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Thread: Reef Aquarium Chemistry for Beginners Part 1

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    Reef Aquarium Chemistry for Beginners Part 1

    The How ToŁ Guide to Reef Aquarium Chemistry for Beginners,
    Part 1: The Salt Water Itself


    http://reefkeeping.com/issues/2007-03/rhf/index.php
    Last edited by Scooterman; 11-12-2013 at 07:43 AM. Reason: adjusted font
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    Hey Boomer. I see your joint EOD. What svc are you in? I work at JFCOM in Norfolk.....

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    I WAS in the Army before you were born And long before the JEODTSC. I'm just using their logo
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    bout time someone cam out with something like this, i need guidance! I think I'm doing it all wrong!

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    Hello;

    No comments ?

    I will start this off I guess. I worry about Borate in buffers and in some highly rated Salt Mixes. Also, I worry about heavy metal buildup with large frequent water changes.

    IMHO --- I dose Baking Soda to raise my Alkalinity --- no Borate --- so I do not buildup Borate in my tank.

    From Randay Holmes-Farley, Full Article: http://reefkeeping.com/issues/2007-04/rhf/index.php#19

    "However, buffers are usually added to coral reef aquaria to replace bicarbonate and carbonate lost to calcification by corals. If aquarists continually supplement with a buffer containing bicarbonate, carbonate and borate, and corals use bicarbonate and carbonate, the borate is left in the water and, after the next dose, it is left again, and again and again. Eventually, borate in the aquarium may climb to toxic levels. That whole concern is just unnecessary; just say no to borate in alkalinity supplements. Baking soda, for example, contains none and is a better choice as an alkalinity supplement for a reef aquarium than a borate-containing buffer."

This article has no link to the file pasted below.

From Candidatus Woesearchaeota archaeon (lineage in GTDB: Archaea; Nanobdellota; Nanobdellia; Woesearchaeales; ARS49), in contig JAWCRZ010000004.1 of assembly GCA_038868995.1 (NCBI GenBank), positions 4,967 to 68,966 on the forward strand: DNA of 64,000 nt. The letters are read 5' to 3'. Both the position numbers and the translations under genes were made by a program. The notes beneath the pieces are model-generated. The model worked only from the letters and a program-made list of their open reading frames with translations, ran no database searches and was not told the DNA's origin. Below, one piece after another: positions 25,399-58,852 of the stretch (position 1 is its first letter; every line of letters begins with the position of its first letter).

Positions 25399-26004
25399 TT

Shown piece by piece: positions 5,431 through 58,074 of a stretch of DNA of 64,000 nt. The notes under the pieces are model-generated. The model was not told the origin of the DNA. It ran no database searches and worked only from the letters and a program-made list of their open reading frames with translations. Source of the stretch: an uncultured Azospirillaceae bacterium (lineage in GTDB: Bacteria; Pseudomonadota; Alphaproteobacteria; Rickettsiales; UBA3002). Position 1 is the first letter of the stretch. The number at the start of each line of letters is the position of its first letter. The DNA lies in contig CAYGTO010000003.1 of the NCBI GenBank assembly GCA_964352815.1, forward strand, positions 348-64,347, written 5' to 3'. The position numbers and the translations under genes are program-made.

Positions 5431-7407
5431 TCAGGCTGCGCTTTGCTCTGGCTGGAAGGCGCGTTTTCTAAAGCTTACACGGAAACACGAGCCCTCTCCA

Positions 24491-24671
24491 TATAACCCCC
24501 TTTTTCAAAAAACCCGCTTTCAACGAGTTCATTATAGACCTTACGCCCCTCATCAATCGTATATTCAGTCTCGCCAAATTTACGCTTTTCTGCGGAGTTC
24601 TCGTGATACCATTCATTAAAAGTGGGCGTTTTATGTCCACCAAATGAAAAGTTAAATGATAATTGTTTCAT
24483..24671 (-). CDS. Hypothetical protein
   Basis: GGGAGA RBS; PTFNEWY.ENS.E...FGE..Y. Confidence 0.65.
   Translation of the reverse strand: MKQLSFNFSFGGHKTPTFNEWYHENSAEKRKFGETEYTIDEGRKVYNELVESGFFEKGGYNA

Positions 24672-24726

I feel this same principle applies to large water changes also. If our substrate and live rock is a sink for heavy metals then large water changes will eventually lead to high concentrations of these heavy metals as with each change the heavy metals are reintroduced. Maybe, they are bound so tight in the substrate and rock that they will not leach out and pose a problem --- however, reports from some indicate the use of Copper to treat a tank leach out back into the water for some time.

    Comments appreciated !

    Enjoy!

    OFM

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    Quote Originally Posted by Boomer View Post
    I WAS in the Army before you were born And long before the JEODTSC. I'm just using their logo
    Which one the North or South?

    Don

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    Always the smart answer Donny Hey, I went to your website today. Is it new ? There is nothing there but a couple of cool pens and dishes.

    OFM

    What you have stated is not new and has brought up many times. What the casue and effect may be in the long run its not known. And that long run will be many years for that tank. Some guys have had the same tanks running for 20 years with no issues.

    By far WC , even large WC are more of a advange than a disadvantage. Some reefers just suck out an replace some of the sand bed. The use of GAC will usally take care of this heavy metal issue to include cooper.

    Ron Shimek's Tank Water Analysis Article
    http://reefkeeping.com/issues/2002-0...ture/index.htm


    A Chemical Analysis of Select Trace Elements in Synthetic Sea Salts and Natural Seawater
    http://www.advancedaquarist.com/issu...04/feature.htm
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    Hello;

    Now you got me worrying about COOPER! As it is I can't eat, I can't sleep, I stare at my tank, I stay up nights reading post after post, thread after thread looking for the answers.

    Maybe there should be a discussion on why large frequent water changes are needed.

    Like what is the main reason ? Goal ?

    We have the best money can buy to remove and extract DOC's, heavy metals, toxins, etc. We purchase Aragonite and live rock for their chemical, buffering, and filtering abilities respectfully. No one can answer the questions as which trace elements are needed by what species.

    Just in case ??

    Okay, round two!

    Enjoy!

    OFM

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    Hello;

    Yeah, SCOOTERMAN --- we are probably all doing it wrong!


    "When we are told something long enough, we tend to believe it!"

    "Some Athiest, Somewhere"



    Enjoy!


    OFM

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    Maybe there should be a discussion on why large frequent water changes are needed.